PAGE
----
Being introduced around 1999, Ultra VGA Engine DX might be the most known of the earlier iterations to us, since it has been used at release for the first two Chicken Invaders games, the first Island Wars!, and the ill-fated Piggly 2. It was the first iteration to move from DOS to Windows, and the first one to work on DirectX (starting with 6.0 and 6.1, later on supported 7.0). The resolution has also been upgraded to 640x480, and the engine now stored sounds as wave form audio format files, and sprites and backgrounds as bitmaps. Other than that, it was fundamentally the same thing as the previous iterations but with DirectX's advantages. The Debug Modes in earlier builds of UveDX were only sometimes included (Chicken Invaders had it but Island Wars! didn't), and they were triggered through pressing F9 and F10 at once, while later on they had to be enabled through the config file.
Official name: Ultra VGA Engine for DirectX 8.1
Debuting with the release of Island Wars 2 in late 2004, this version was a major upgrade from UveDX, being a complete rewrite for Visual Studio and DirectX 8.0. It also used the "looks-like-2d-but-it's-infact-3d" technique, as in everything was rendered as 3D, but it looked like 2D. Since this version of the engine, the sounds have been stored as OGG Vorbis files while the sprites were stored as uncompressed TGA files. Since stuff could be rotated, scaled and bent in 3D, the games no longer had many sprites. The fact that multiple animation frames were able to be stored in one file instead of multiple also contributed to this. Another thing that has been changed is that the native resolution of the games was upgraded to 800x600. Games made using this engine at release include Island Wars 2, Loco, Smileyville, Piggly and Revenge of the Yolk. At first the debug modes were triggered like in UveDX, but with the release of Revenge of the Yolk, you now had to put in a specific debug code to make it work. An unfinished Debug Console was also included in this version.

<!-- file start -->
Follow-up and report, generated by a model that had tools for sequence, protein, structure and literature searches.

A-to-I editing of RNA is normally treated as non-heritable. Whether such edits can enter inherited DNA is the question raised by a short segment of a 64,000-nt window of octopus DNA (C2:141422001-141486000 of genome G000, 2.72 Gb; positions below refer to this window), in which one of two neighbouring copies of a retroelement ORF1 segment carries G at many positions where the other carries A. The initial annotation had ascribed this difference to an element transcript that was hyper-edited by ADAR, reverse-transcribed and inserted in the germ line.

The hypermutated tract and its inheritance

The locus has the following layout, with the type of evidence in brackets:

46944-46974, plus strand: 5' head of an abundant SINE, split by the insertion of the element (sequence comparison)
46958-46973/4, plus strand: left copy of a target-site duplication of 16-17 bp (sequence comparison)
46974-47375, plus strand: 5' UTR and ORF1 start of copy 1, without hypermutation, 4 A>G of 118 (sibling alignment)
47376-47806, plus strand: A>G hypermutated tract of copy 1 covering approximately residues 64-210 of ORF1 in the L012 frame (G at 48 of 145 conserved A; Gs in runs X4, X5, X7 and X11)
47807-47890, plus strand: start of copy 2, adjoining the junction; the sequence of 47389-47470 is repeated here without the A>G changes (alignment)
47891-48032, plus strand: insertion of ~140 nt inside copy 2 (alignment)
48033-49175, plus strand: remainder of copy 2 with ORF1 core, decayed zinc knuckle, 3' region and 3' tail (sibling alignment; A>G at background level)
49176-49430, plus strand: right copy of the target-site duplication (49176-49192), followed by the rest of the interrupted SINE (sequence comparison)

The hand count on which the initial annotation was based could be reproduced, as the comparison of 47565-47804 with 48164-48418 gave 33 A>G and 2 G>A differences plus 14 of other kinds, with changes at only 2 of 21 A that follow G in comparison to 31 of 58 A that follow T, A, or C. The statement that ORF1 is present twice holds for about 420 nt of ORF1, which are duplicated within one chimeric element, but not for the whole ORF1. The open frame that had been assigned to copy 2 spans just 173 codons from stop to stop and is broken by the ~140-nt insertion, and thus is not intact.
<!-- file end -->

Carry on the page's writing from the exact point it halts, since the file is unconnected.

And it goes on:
Official name: Ultra VGA Engine for OpenGL
Debuting in 2009 with Christmas Eve Crisis, this version of UVE was the only one from the newer versions since UveDX to use OpenGL instead of DirectX. It's also the first one to be ported over to Mac and Linux. Even though this version was able to handle bigger resolutions as proven by the remastered edition of The Next Wave's native resolution being 1280x960, most of the games still used 800x600. Other games made using this engine at release include Ultimate Omelette, and the remastered edition of The Next Wave. The debug console was still included in this version until the release of Ultimate Omelette, where it was removed.
Official name: Ultra VGA Engine for DirectX 8.1 Ultra Edition